Farm Journal 7/25/21

Click here to place your order for this week (please give us 24 hours lead time before your desired pick up date/time).

You can now find us at: (we will deliver to all the market locations that we attend)

Sundays – Squirrel Hill Farmers Market – 9am – 1 pm

Mondays – East Liberty 3 – 7 pm (ask for the Royale with Cheese!)

Wednesdays – Here at The Farm – 11 – 7

Fridays – Northside Farmers Market – 3 – 7 pm

Saturdays – Mt. Lebonon, Uptown – 9 – 12

The Menu

Kale (probably the last week for kale, until fall), green beans, squash, cucumbers, scallions, lettuce, herbs, cherry tomatoes, and chard)

  • remember – what I plan for on Sunday may not happen by Tuesday – we’re at mother nature’s beck and call!

Pig Wifery – by Greg

Summer has brought a bounty of hog entertainment from the local food industry, notably watermelons and sweet corn. The hogs are in heaven. I can tell because they barely stop to eat their rations!

It may not surprise you to learn that when sugar is around, the healthier option takes second seat and the pigs literally bathe in watermelon juice, swim in the ball-pits of sweet corn (like children!), and wallow in mashed cucumbers… (OMG, their skin glows!) I can only imagine the wonka-esque joy that accompanies being immersed in a deliciously edible world.

why wouldn’t you want to nap on a heaping pile of food?

It may actually surprise you to learn that none of this food is part of their primary diet rations. It’s pure extravagant excess. We still purchase pallets and pallets of pellets (Kalmbach Non-GMO Family Fixin’s) and continue to fill the hog feeding areas daily, even though the hogs are less interested.

Sometimes, usually winter when the weather serves to preserve the produce, we are able to offset daily rations. This is when the farm sees some monetary savings because we received high enough calorie food. Veggies, alas, are nearly all diet food, which is not what we want to feed our pigs! Alone, they don’t provide enough protein, fats nor carbs (calories) for the hogs to gain weight quickly.

At times that we get high calorie food, we work with Fertrell Company out of Lancaster county. They help us formulate rations from any food that is worth using as a feed stock. Often times, even if we get mountains of frozen carbs, we still need to purchase high protein additives, like soymeal, to balance the rations. They advise us on the whole process. We also hire Fertrell to custom blend the vitamin and mineral supplements (they call nutri-balancer) to ensure proper health and growth rates.

Luckily, this isn’t the norm. It takes alot of work to arrange for all the feed additives, thaw and combine them daily … 200# batches…. Then feed it to each group of hogs. Who knew pigs could be so complicated!?

As all good things must end, so does their gluttonous debauchery (*click the link for a video of said gluttony). In a few days, the mountains of veges are reduced to a quickly drying swamp of watermelon rinds and corn cobs, like some bizarre after party. And it’s at this point, the real value of the hogs is realized.

They’ve joyfully crunched, stomped, broke, slept on and ate 15 pallets of food. They’ve reduced it all to a ready-to-compost slurry in desperate need of carbon and a few dry days.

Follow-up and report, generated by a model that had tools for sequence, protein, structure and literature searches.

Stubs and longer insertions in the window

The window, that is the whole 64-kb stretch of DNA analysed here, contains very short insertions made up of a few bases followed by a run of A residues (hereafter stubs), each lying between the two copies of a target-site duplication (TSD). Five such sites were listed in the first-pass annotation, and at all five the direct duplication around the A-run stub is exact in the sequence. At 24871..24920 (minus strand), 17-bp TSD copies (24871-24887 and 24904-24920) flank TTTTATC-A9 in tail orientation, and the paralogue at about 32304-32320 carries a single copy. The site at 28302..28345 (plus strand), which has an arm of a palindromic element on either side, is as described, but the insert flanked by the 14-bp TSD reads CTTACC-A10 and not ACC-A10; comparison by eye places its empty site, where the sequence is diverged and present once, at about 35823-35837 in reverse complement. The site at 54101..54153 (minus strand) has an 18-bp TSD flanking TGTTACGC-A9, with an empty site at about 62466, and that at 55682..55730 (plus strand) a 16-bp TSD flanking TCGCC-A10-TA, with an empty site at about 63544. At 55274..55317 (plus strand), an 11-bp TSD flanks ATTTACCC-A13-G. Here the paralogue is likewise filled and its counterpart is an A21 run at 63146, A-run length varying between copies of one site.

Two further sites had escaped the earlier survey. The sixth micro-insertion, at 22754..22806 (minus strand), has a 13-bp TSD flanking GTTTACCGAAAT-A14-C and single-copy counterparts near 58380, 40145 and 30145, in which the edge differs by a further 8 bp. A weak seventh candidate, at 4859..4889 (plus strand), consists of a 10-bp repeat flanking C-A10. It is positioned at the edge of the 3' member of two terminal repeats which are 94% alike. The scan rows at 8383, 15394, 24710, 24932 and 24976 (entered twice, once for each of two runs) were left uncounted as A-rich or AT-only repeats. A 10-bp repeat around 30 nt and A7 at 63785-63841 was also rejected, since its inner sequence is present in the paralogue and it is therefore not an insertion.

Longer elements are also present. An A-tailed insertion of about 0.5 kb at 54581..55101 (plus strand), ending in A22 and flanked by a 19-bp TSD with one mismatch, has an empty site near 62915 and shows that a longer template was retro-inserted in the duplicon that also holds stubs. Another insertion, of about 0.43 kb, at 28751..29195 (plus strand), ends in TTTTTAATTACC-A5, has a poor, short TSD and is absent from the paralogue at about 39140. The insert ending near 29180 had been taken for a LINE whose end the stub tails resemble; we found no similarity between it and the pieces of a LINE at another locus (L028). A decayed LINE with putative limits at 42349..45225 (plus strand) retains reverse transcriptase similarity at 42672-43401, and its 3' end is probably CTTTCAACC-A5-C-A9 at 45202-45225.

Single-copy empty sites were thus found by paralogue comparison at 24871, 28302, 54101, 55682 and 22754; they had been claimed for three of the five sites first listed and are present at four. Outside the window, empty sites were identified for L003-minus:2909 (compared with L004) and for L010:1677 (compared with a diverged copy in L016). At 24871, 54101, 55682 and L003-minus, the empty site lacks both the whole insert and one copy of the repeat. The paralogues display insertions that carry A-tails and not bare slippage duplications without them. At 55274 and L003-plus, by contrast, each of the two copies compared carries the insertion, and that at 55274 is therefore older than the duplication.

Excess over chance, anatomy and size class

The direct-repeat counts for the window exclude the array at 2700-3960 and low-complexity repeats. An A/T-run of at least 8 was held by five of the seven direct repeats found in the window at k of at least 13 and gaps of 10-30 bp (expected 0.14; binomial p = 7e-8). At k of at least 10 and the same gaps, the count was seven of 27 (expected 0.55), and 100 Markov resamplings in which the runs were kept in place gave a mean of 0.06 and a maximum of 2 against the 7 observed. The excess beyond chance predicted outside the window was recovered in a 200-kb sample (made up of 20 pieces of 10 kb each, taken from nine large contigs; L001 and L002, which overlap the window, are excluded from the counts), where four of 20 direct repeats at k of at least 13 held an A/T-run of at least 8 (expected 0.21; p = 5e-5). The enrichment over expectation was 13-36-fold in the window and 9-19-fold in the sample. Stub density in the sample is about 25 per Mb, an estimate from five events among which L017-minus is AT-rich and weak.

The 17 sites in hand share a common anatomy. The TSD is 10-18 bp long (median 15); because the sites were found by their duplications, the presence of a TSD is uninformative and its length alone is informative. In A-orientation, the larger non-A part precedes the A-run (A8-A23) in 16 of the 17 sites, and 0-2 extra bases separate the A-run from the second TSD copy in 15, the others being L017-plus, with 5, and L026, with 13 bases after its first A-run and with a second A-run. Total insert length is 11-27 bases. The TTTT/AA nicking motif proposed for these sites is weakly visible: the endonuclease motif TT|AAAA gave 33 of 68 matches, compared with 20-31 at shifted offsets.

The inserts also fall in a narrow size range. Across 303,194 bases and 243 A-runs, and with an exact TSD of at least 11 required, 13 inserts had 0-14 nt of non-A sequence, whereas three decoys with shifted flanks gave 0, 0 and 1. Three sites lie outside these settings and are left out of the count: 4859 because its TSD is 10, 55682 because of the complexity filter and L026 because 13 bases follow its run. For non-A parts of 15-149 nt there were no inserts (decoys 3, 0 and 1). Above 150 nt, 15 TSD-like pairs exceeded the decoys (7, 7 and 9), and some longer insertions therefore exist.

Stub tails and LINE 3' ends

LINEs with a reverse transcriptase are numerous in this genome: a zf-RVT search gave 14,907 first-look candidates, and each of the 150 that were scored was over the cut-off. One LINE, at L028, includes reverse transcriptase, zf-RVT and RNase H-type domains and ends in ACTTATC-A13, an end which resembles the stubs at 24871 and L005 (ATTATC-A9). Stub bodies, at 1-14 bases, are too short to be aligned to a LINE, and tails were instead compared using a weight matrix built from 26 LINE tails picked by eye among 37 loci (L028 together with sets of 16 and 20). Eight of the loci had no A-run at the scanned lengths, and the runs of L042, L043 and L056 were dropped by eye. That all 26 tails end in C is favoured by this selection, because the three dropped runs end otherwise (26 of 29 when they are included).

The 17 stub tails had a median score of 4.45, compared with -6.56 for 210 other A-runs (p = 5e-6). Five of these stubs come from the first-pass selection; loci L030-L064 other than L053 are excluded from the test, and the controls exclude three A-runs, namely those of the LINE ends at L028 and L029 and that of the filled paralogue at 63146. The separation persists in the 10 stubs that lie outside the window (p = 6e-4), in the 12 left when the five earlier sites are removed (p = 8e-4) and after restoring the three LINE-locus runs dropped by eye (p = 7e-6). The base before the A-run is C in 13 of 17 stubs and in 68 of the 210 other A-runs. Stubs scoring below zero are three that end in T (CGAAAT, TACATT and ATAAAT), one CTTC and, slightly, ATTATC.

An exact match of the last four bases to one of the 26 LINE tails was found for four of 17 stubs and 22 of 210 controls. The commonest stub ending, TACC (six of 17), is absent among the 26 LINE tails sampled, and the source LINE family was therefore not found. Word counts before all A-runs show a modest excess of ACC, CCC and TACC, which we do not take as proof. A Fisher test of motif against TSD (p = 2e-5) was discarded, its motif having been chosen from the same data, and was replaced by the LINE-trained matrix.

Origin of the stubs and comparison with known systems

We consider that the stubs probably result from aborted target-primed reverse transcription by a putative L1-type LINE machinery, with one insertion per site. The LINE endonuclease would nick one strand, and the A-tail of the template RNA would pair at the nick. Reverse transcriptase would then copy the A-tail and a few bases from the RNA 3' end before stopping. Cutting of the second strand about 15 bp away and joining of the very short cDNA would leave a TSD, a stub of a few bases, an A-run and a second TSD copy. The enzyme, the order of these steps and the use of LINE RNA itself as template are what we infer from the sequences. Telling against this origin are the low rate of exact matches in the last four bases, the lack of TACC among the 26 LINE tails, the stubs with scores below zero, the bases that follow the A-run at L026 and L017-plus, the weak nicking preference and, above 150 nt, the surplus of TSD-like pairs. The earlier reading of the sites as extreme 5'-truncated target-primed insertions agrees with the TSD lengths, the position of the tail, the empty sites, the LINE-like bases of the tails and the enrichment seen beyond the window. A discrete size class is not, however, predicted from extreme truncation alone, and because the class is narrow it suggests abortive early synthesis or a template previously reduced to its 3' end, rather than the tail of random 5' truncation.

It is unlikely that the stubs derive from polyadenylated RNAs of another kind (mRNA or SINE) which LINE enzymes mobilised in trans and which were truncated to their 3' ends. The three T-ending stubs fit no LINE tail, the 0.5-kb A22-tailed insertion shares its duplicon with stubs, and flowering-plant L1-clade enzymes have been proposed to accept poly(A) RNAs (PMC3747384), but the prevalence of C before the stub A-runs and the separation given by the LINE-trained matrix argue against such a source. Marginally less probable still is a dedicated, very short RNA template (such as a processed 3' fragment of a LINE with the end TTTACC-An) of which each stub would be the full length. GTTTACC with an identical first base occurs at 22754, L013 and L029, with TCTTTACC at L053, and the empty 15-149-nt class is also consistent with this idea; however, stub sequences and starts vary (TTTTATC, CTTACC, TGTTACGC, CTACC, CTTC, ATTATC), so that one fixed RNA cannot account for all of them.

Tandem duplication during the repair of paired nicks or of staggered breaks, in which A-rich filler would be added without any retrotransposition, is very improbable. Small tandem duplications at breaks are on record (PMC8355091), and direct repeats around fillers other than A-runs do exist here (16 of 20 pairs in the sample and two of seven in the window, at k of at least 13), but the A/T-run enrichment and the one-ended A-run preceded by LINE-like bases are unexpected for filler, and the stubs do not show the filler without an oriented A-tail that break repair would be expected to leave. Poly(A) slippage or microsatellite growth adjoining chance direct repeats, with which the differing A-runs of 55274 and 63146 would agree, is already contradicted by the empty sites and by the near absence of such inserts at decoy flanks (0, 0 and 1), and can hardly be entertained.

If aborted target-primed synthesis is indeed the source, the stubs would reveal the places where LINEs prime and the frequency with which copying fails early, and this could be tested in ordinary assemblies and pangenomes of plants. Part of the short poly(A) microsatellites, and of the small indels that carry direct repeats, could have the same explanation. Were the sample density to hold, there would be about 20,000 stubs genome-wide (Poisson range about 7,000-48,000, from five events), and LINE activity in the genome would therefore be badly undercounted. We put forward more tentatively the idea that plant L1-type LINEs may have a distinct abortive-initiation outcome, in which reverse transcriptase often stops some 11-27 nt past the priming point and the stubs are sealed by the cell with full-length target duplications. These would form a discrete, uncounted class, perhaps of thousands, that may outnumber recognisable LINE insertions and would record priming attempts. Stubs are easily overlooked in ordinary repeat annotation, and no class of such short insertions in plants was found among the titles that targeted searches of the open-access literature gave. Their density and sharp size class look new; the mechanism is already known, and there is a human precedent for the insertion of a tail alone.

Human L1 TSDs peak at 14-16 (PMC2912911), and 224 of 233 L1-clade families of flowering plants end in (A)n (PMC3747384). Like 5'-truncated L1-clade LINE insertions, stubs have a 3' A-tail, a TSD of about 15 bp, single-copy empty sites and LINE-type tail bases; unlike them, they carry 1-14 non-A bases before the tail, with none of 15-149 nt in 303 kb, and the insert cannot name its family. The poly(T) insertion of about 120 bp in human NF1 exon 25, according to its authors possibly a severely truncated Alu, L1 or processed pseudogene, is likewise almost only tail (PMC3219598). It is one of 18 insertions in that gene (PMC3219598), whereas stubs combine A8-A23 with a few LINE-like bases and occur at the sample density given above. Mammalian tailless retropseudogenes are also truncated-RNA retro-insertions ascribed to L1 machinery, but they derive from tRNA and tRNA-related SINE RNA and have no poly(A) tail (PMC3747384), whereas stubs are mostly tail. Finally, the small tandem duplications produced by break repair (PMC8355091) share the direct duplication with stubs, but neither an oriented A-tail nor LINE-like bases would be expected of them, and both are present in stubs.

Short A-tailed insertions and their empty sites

At this moment, it’s farm time. I’m on the tractor dumping copious amounts of wood chips, straw, dry leaves, cardboard, potting soil, old compost, and just about every other type of high carbon material we can get our hands on. As anyone who has been to the farm in the last week can attest, a streak of rainy weather can make any and all of these efforts futile. Phew!

The addition of too much water negates the effects of the wood chips in the short term. The sponges can’t soak it all up fast enough and a bit of pig-whiff-ery arrives.

More than for funk-containment, the chips form the carbon basis for our compost. They quickly absorb all the watery material and stabilize the rapid and volatile decomposition process. It’s a balance…Quite a science to it actually, but we can dig deeper later.

While we attempt to bribe, coerce, woo, sweet talk and encourage every road crew we meet to dump their wood chips on our farm, some universal forces are working to keep them off of our land. We haven’t seen a chip drop in a few months. So, we must use this dwindling resource strategically.

As an active barterer, I posted a advertisement on Nextdoor app to connect with local tree trimmers. Ideally, we could connect with 2-5 of these small guy+truck+chipper operations to barter with them to dump chips for us for food, plants or money. The more chips, the more vegetables we can receive, the more mountains the hogs can obliterate and the more compost we can make.


Farm Camp – a big success!

The first week of farm camp rocked!! All the kiddos seemed to have a blast and they were all sad that it came to an end! What fun having little kids running around with new eyes on the aspects of this farm that have become old news to us.

Next week is the older crew – 8 – 11 year olds (although we have a couple 7 year old kids too) – so if you want to sign up, it’s not too late! We have room for a couple more kids!

Cue Circle of Life song.

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